“Totally expected.  I’m not surprised,” my counselor said.

I told my counselor the whole story.  About The memory of pain from earlier in my life.  The thought of it reoccurring.  The fear that pain was once again just around the corner.  The need for escape.  The escape into things that just lead me into numbness and forgetfulness.  Then the memory again…  The thought of it reoccurring…

And here we go again.  The addict’s vicious cycle.

I think I live in perpetual fear of pain inflicted on me out of nowhere.  Sudden and unforeseen.  It has happened before.  The shock and surprise of it all is sometimes the most debilitating.  It has come in many forms: physical, mental, and emotional.  And the fear of that pain and the anxiety that comes with it leads to a perpetual exploration and seeking after pleasure, which in essence is nothing but a quick distraction which brings with a whole bag full of shame and guilt.

But I still run.

As fast as I can.

To more hurt and pain and numbness.

I grow sullen and withdrawn, anxious and uncommunicative.  I don’t write (hence the silence on this blog for a while).

So I’m relating this story to my counselor, and as I relate it, the memory of pain is there, and I stand up, my heart racing, sudden panic constricting my chest.

Full fledged panic attack.

“What’s going through your head right now?”

“I n-n-n-need to g-g-g-go.  Got. To get.  Out.

“Where are you going to go?”

I realized, through the panic, I had nowhere to go.  I couldn’t escape anymore.  And the umpteenth time, I realized I needed to rest in the arms of my Savior.  That is the only place for me, to face the things I need to face.  Not as a pat-on-the-shoulder, everything-gonna-be-alright comfort fix, but as a real placement of anguish at the foot of the cross, where my Savior Jesus cups my face in his nail-scarred hands and rides through the pain with me and brings me once again out of the depths and darkness into newness and light.

Just to stay in His presence, at that moment, was what was needed.

That realization brought a wave of exhaustion, tears, and more realization.  Because I still struggled.  In between gasps of breath and coughs, I admitted this is in the small room, as my counselor tenderly prayed over me…

“I-I-I’m just not used to it.  To not running.”

But I was there, in that chair, at least, facing things.  I am beginning that long process of running only to God, and to recognizing that only He is there with the consistency of unconditional Love.  For even though Peter said “Go away from me Lord; I am sinful man” (Luke 5:8), Jesus still said “Come, follow me.”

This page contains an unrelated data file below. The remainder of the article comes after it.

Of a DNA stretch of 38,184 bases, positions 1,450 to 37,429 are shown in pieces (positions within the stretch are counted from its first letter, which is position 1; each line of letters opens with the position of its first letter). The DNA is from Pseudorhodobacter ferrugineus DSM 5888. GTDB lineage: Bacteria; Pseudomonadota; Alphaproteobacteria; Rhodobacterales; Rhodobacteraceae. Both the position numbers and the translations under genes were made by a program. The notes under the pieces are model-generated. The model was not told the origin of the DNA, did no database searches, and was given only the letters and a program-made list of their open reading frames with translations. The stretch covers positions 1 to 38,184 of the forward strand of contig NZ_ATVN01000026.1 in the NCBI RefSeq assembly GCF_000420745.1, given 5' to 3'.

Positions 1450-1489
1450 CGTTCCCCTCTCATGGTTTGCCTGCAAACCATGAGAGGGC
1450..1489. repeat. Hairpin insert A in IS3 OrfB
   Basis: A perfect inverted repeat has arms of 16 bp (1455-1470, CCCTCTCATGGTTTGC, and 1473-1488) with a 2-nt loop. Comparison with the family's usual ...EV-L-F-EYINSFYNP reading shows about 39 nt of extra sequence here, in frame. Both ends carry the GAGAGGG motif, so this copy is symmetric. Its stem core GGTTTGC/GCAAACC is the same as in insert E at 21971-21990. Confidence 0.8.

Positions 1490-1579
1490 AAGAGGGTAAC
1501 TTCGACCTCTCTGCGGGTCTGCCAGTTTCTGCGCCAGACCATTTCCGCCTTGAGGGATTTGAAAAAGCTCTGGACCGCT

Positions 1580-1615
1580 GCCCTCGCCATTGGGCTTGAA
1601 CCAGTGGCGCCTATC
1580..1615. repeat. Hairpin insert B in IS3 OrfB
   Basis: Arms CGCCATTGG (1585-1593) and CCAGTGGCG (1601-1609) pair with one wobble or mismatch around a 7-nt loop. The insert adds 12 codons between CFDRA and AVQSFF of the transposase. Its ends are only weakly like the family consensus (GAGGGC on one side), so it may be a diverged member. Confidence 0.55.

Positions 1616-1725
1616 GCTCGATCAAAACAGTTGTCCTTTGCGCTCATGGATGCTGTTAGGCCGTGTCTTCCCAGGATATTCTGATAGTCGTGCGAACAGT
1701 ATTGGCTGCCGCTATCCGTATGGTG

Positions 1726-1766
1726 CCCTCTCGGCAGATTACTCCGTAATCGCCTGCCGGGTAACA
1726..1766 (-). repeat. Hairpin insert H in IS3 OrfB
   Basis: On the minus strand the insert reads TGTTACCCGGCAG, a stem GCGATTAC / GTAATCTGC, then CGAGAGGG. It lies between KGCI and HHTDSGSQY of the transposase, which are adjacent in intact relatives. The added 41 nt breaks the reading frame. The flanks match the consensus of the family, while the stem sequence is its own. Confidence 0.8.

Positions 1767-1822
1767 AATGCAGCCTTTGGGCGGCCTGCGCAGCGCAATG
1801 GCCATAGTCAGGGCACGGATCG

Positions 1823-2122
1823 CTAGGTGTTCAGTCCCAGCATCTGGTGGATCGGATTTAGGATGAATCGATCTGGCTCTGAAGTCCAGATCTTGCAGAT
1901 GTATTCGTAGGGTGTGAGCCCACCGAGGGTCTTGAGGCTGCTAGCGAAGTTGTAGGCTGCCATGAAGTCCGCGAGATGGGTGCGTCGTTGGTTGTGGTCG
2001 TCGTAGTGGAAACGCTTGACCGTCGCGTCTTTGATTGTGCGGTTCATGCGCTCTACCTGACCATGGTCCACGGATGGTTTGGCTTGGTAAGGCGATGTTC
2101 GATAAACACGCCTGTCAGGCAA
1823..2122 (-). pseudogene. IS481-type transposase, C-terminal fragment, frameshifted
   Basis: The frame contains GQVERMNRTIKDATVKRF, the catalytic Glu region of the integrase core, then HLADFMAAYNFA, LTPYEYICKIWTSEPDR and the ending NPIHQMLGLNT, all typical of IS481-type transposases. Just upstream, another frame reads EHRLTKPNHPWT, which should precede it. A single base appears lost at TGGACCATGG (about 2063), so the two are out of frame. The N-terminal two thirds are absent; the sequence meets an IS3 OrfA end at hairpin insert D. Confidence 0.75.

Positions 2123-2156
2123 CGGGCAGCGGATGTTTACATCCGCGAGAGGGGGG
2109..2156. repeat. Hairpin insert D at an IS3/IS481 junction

At this point of my healing, this means to lie down in green pastures.

Beside quiet waters.

For the restoration of my soul.

A restoration that will stay.  Forever and ever, amen.

The Lamed Vavnik

“For the sake of ten righteous people, God does not destroy the world.  These are the Lamed Vavnik.  They live scattered, in any nation under heaven, are members of any class, of a, ny profession which may be imagined; and they are invisible to the world. Lo, not even they know the significance of their lives.  Such ignorance is their righteousness.  They merely live, so they suppose, as other people live.  But Heaven knows the difference.

And this is the mercy of God: that when one of the Lamed Vavnik dies, God raises up another.

I heard this from my friend. He said it was an old Hasidic legend.

I believe it.”

from Ragman and other cries of faith by Walt Wangerin Jr.

Time to worry?

When is the last time I posted on this blog…hmmm let’s see…oh, man a couple weeks it seems!

Now that could mean a couple things to you.

One: I’m lazy.

Two:  I’ve been incredibly busy and haven’t had time to write.

I deny both and answer the question with something much much worse.  And it is something that is just coming to light tonight.

I’ve been worrying.

About what?  you might asked.  Well, a bit of everything, of course:  upcoming graduate school classes, my own classes I teach, future family additions (here come those twins!), projected work loads, past injuries which might recur (got a bad bum knee), worries about direction and focus.

And like Charlie Brown would say “My anxieties have anxieties.”  ‘Cause I’m worried ’bout my worryin’!

Now of course, Matthew 7:25-34 comes to mind, that wonderfully read but ignored passage by people like me, where Jesus directly states “Do not worry.”  He further states that God knows all we need and will take care of us.  “But seek first his kingdom and his righteousness, and all these things will be given to you as well.  Therefore do not worry about tomorrow, for tomorrow will worry about itself.  Each day has enough trouble of its own.”

I’m not just taking on worries about tomorrow, I’m covering weeks and months and years in my tormented spirit.

And I suddenly realize how much time that has been taking up lately.

Because worriers are often the world’s best procrastinators as well.  Easier to worry about something than do something about it and let the matter rest.

Or trust God and let the matter rest in Him.

Oh, boy.

Because I’ve realized the amount I’ve been worrying is directly proportional to how little time I’ve spent in prayer, and here prayer meaning that stillness and reliance in the face of God.

And worrying is also directly proportional to the amount of time I’ve spent in distractions of every kind.

Writing, by the way, is not a distraction for me.  It helps me focus.

How long since that last blog post?  At least it wasn’t months this time.

Worrying takes so much time and energy out of me.

So much time.

When that could be time taking my worries to God, and while the problem or situation might still be “out there,” it is book-ended with a trust in a God who loves, cares, heals, redeems, and feeds birds and clothes lilacs.

Who is not a small God, so made by our neglect and lack of trust.

But a large God, whose infinite unconditional love and care for us says emphatically, “Come to me, all you who are weary and burdened, and I will give you rest.  Take my yoke upon you and learn from me, for I am gentle and humble in heart, and you will find rest for your souls.  For my yoke is easy and my burden is light.”